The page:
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Proceedings of the Colored national convention, held in Rochester, July 6th, 7th, and 8th, 1853.


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speak, to present the claims of our common cause to your candid, earnest, and favorable consideration.

As an apology for addressing you, fellow-citizens ! we cannot announce the discovery of any new principle adapted to ameliorate the condition of mankind. The great truths of moral and political science, upon which we rely, and which we press upon your consideration, have been evolved and ennunciated by you. We point to your principles, your wisdom, and to yourgreat example as the full justification of our course this day. That "ALL MEN ARE CREATED EQUAL : that "LIFE, LIBERTY, AND THE PURSUIT OF HAPPINESS” ARE THE RIGHT OF ALL; that "TAXATION AND REPRESENTATION" SHOULD GO TOGETHER; that GOVERNMENTS ARE TO PROTECT, NOT TO DESTROY, THE RIGHTS OF MANKIND; that THE CONSTITUTION OF THE UNITED STATES WAS FORMED TO ESTABLISH JUSTICE, PROMOTE THE GENERAL WELFARE, AND SECURE THE BLESSING OF LIBERTY TO ALL THE PEOPLE OF THIS COUNTRY; THAT RESISTANCE TO TYRANTS IS OBEDIENCE TO GOD—are American principles and maxims, and together they form and constitute the constructive elements of the American government. From this elevated platform, provided by the Republic for us, and for all the children of men, we address you. In doing so, we would have our spirit properly discerned. On this point we would gladly free ourselves and our cause from all misconception. We shall affect no especial timidity, nor can we pretend to any great boldness. We know our poverty and weakness, and your wealth and greatness. Yet we will not attempt to repress the spirit of liberty within us, or to conceal, in any wise, our sense of the justice and the dignity of our cause.

We are Americans, and as Americans, we would speak to Americans. We address you not as aliens nor as exiles, humbly asking to be permitted to dwell among you in peace; but we address you as American citizens asserting their rights on their own native soil. Neither do we address you as enemies, (although the recipients of innumerable wrongs;) but in the spirit of patriotic good will. In assembling together as we have done, our object is not to excite pity for ourselves, but to command respect for our cause, and to obtain justice for our people. We are not malefactors imploring mercy; but we trust we are honest men, honestly appealing for righteous judgment, and ready to stand or fall by that judgment. We do not solicit unusual favor, but will be content with roughhanded "fair play.” We are neither lame or blind, that we should seek to throw off the responsibility of our own existence, or to cast ourselves upon public charity for support. We would not lay our burdens upon other men's shoulders; but we do ask, in the name of all that is just and magnanimous among men, to be freed from all the unnatural burdens and impediments with which American customs and American legislation have hindered our progress and improvement. We ask to be disencumbered of the load of popular reproach heaped upon us—for no better cause than that we wear the complexion given us by our God and our Creator.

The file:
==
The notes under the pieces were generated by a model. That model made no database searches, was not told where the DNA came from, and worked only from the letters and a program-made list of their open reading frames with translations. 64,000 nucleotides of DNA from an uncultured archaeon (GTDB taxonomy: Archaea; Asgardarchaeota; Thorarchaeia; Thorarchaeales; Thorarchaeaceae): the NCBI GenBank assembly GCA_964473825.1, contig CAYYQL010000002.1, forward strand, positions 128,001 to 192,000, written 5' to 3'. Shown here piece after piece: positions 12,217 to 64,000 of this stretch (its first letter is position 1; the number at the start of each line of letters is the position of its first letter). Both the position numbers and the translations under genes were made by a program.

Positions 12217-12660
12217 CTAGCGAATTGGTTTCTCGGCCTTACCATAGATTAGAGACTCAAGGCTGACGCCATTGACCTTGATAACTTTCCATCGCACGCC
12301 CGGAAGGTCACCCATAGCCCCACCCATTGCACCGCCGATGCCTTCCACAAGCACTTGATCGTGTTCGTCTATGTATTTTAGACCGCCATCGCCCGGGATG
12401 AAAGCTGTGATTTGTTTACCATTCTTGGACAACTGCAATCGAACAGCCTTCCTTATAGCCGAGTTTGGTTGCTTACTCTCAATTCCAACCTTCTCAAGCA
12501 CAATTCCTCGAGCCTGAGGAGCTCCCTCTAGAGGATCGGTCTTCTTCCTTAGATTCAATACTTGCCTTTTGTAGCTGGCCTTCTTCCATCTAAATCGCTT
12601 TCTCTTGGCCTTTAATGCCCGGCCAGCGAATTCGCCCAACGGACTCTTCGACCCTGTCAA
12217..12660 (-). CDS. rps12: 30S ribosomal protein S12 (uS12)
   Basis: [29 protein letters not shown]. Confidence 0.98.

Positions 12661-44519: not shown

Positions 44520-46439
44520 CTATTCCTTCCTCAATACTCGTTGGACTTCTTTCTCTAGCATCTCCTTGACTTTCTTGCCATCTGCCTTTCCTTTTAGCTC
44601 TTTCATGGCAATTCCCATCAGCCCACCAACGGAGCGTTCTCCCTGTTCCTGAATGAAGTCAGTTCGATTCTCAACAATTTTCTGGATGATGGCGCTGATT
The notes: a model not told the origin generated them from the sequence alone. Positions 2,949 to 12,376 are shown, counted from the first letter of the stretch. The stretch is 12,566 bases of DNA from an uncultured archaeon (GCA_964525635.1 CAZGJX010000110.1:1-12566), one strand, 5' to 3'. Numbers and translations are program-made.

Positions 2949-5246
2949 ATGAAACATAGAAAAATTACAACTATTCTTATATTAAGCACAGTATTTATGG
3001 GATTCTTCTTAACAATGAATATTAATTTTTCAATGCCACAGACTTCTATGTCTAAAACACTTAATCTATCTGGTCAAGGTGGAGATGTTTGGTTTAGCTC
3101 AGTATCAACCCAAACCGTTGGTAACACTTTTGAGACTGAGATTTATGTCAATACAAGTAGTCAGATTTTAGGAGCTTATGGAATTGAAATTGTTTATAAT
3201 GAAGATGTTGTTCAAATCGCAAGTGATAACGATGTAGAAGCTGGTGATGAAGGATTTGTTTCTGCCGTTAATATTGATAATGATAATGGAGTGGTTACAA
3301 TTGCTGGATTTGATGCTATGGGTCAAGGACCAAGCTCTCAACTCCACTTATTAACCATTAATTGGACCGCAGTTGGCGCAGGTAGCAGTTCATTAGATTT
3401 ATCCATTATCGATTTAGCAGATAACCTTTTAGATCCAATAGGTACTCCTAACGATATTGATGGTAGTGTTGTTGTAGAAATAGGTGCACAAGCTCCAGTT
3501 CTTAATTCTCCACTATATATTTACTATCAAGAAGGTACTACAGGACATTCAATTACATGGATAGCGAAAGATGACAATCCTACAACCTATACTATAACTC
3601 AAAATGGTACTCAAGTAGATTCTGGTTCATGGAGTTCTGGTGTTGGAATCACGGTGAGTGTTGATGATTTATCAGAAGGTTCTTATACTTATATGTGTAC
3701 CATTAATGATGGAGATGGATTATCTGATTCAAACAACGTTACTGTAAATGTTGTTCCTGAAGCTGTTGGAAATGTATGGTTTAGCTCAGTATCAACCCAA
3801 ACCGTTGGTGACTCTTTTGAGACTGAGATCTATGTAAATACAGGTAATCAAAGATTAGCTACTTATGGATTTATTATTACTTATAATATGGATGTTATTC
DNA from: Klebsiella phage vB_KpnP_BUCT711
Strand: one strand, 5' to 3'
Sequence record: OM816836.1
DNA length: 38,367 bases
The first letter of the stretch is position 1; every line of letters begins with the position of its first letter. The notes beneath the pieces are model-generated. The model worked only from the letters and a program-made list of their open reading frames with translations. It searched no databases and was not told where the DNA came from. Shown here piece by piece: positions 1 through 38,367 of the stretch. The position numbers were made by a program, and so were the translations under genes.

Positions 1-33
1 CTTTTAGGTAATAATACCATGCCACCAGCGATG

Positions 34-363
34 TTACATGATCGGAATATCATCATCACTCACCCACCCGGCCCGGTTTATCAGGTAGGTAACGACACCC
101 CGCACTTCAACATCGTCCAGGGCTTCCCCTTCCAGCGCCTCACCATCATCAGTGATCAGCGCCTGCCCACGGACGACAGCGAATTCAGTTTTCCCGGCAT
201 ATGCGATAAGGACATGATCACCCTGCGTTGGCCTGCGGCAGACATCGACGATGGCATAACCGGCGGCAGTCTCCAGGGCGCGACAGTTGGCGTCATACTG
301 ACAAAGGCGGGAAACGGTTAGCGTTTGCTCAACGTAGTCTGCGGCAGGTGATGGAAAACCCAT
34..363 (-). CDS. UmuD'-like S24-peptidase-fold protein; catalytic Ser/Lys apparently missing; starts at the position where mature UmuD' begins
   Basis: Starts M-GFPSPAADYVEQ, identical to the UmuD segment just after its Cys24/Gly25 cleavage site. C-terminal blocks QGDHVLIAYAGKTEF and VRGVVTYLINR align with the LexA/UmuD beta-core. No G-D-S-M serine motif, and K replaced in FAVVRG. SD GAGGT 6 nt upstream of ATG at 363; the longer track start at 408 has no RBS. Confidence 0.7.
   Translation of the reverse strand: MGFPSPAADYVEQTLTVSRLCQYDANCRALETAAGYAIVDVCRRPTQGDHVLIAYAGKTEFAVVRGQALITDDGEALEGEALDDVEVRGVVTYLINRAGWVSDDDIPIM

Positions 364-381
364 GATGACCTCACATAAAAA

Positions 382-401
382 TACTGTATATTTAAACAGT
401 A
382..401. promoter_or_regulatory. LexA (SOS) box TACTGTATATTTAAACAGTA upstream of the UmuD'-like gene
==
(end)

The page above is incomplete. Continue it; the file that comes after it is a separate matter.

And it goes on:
We ask that in our native land, we shall not be treated as strangers, and worse than strangers.

We ask that, being friends of America, we should not be treated as enemies of America.

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